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Essex UK Council Target 100% Coverage of Superfast Broadband by 2021

Thursday, September 21st, 2017 (7:41 am) - Score 938

The Essex County Council (ECC) in England has unveiled details of their final Phase 4 contract under the Superfast Essex project, which could be supported by up to £29 million of public investment and aims to reach “near” to 100% coverage of “superfast broadband” (30Mbps+) by 2021.

At present around 90% of local homes and businesses in Essex can already access a “superfast fibre broadband” network (mostly FTTC and a bit of FTTP), with 85,000 premises having benefited as a direct result of the state aid supported Phase 1 contract with Openreach (BT). A Phase 2 contract is also underway with BT and aims to extend that coverage to a total of 120,000 premises (i.e. 95% of premises by mid-2019).

In addition to the above, Gigaclear won the Phase 2b ‘Rural Challenge Project’ (£5.5m from Gigaclear and £2m of public money), which supports a roll-out of their 1Gbps ultrafast Fibre-to-the-Premises (FTTP) network to cover 4,545 premises in the Epping Forest area of Essex by the end of 2017.

More recently both Gigaclear and BT have also won the Phase 3 contract (here), which should reach a further 24,000 premises (total of 144,000) and push local coverage of superfast broadband to around 97% by December 2019. So far about 90,000 of the expected deployment has already completed and 46% of the properties enabled in Phase 1 have ordered a related “fibre broadband” service.

superfast_essex_progress

The good news is that the ECC has this week taken the decision to proceed with a future Phase 4 contract, which is expected to be the final one and it will naturally target universal coverage!

Kevin Bentley, Deputy Council Leader, said:

“We have an ambition to become one of the best connected counties in the UK as we recognise the importance superfast broadband has for residents and businesses alike. Essex is a fast-growing county which makes achieving close to 100% coverage no mean feat but the County Council remains committed to improving the availability of broadband and considers it one of our priorities to invest in.”

Apparently Phase 4 will be funded by “project savings and subsidy refunds” (clawback / gainshare), which reflects public money that will be returned by BT under Phase 1 + 2 and reinvested. On top of that there will be further contributions by local councils, a new grant from the government’s Broadband Delivery UK programme (BDUK) and the ECC hopes to apply for further government grants that could be worth up to £18 million.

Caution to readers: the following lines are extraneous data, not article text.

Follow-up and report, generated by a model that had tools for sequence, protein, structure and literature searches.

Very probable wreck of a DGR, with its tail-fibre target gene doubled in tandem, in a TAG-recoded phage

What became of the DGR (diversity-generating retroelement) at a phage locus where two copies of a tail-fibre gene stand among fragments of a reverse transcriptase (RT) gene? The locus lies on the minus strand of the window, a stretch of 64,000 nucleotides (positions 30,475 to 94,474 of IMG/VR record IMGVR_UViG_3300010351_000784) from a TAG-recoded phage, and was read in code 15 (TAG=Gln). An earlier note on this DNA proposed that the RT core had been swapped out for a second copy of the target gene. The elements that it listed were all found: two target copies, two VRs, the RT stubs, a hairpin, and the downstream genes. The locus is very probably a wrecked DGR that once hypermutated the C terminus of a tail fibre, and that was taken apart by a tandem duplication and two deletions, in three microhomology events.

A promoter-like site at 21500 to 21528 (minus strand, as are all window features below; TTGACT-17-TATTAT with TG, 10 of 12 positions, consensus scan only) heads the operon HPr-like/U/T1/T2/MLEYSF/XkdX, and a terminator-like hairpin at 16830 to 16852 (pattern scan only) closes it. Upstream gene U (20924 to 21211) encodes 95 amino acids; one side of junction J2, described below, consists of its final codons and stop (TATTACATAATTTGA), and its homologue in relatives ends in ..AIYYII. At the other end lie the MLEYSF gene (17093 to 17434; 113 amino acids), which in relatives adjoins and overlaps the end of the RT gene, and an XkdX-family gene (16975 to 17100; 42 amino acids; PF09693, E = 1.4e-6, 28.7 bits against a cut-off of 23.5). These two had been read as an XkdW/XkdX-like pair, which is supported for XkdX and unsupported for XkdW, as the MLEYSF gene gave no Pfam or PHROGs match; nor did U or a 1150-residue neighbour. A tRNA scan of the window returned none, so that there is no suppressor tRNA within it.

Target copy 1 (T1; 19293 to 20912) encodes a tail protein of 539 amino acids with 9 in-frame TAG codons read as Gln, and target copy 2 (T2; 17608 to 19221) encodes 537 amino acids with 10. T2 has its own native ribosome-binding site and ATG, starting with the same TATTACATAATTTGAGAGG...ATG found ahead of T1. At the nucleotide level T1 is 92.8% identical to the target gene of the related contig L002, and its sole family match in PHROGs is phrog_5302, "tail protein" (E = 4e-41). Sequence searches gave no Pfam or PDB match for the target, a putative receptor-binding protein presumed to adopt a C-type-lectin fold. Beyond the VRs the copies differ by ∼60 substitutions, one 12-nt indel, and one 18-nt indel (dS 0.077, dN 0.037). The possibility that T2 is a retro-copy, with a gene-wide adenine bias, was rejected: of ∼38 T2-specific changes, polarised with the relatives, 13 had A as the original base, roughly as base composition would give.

Assuming all of the aforementioned investment can be gathered then it’s predicted that Phase 4 might have an overall value (public investment) of up to £29 million, which the council would then expect to be complemented by private investment from suppliers. Superfast Essex now plans to begin the tender process for Phase 4 during October 2017.

The project team are planning to update their broadband maps in due course, which will identify the areas that are eligible to be included in the Phase 4 roll-out.

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By Mark Jackson
Mark is a professional technology writer, IT consultant and computer engineer from Dorset (England), he also founded ISPreview in 1999 and enjoys analysing the latest telecoms and broadband developments. Find me on Twitter, , Facebook and Linkedin.
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5 Responses
  1. TomD says:

    Good news.
    Openreach were pushing their Community Fibre Partnership this week in Essex (in Uttlesford). That seems a bit pointless now for a community to stump up significant cash when it should all be done by 2021.

    1. Mark Jackson says:

      The target does say “near” to 100%, so certainly it might be better for such communities to wait and see how the 10Mbps USO and final BDUK contracts (like Phase 4 above) pan out before proceeding.

      On the other hand the completion date is 2021 and gaps will still exist. A lot of communities have chosen to gap fund schemes directly, often simply because they don’t want to be kept waiting for another x years.

    2. Steve Jones says:

      I suspect some of those community gap scheme contributors will see that, in paper terms at least, that the amount involved will pay back many times over in terms of increased property values.Of course you can’t realise that until/unless you sell, but in that respect it’s probably a very good investment (unless, of course, you can persuade somebody else to do it for you).

      The enhanced value of (especially) more remote property would, in theory, provide for ample means to justify the average cost of fibre uplifts, but the market structure and commercial dynamics don’t really allow that to be easily exploited by network builders, especially where the regulatory bias tends more towards LRIC (Long Run Incremental Costs).

  2. Fastman says:

    a lot of that area not in intervention are supposedly covered by Wireless – depends by what they mean by 100% and 100% of what

    my understanding is there is not ability for a community to fund if they are already proposed in a BDUK plan (and they actually get benefit form that plan)

  3. gerarda says:

    “near” is not 100%.

    Those of us who were in ADSL notspots know how politicians can play that card or be deceived by it.

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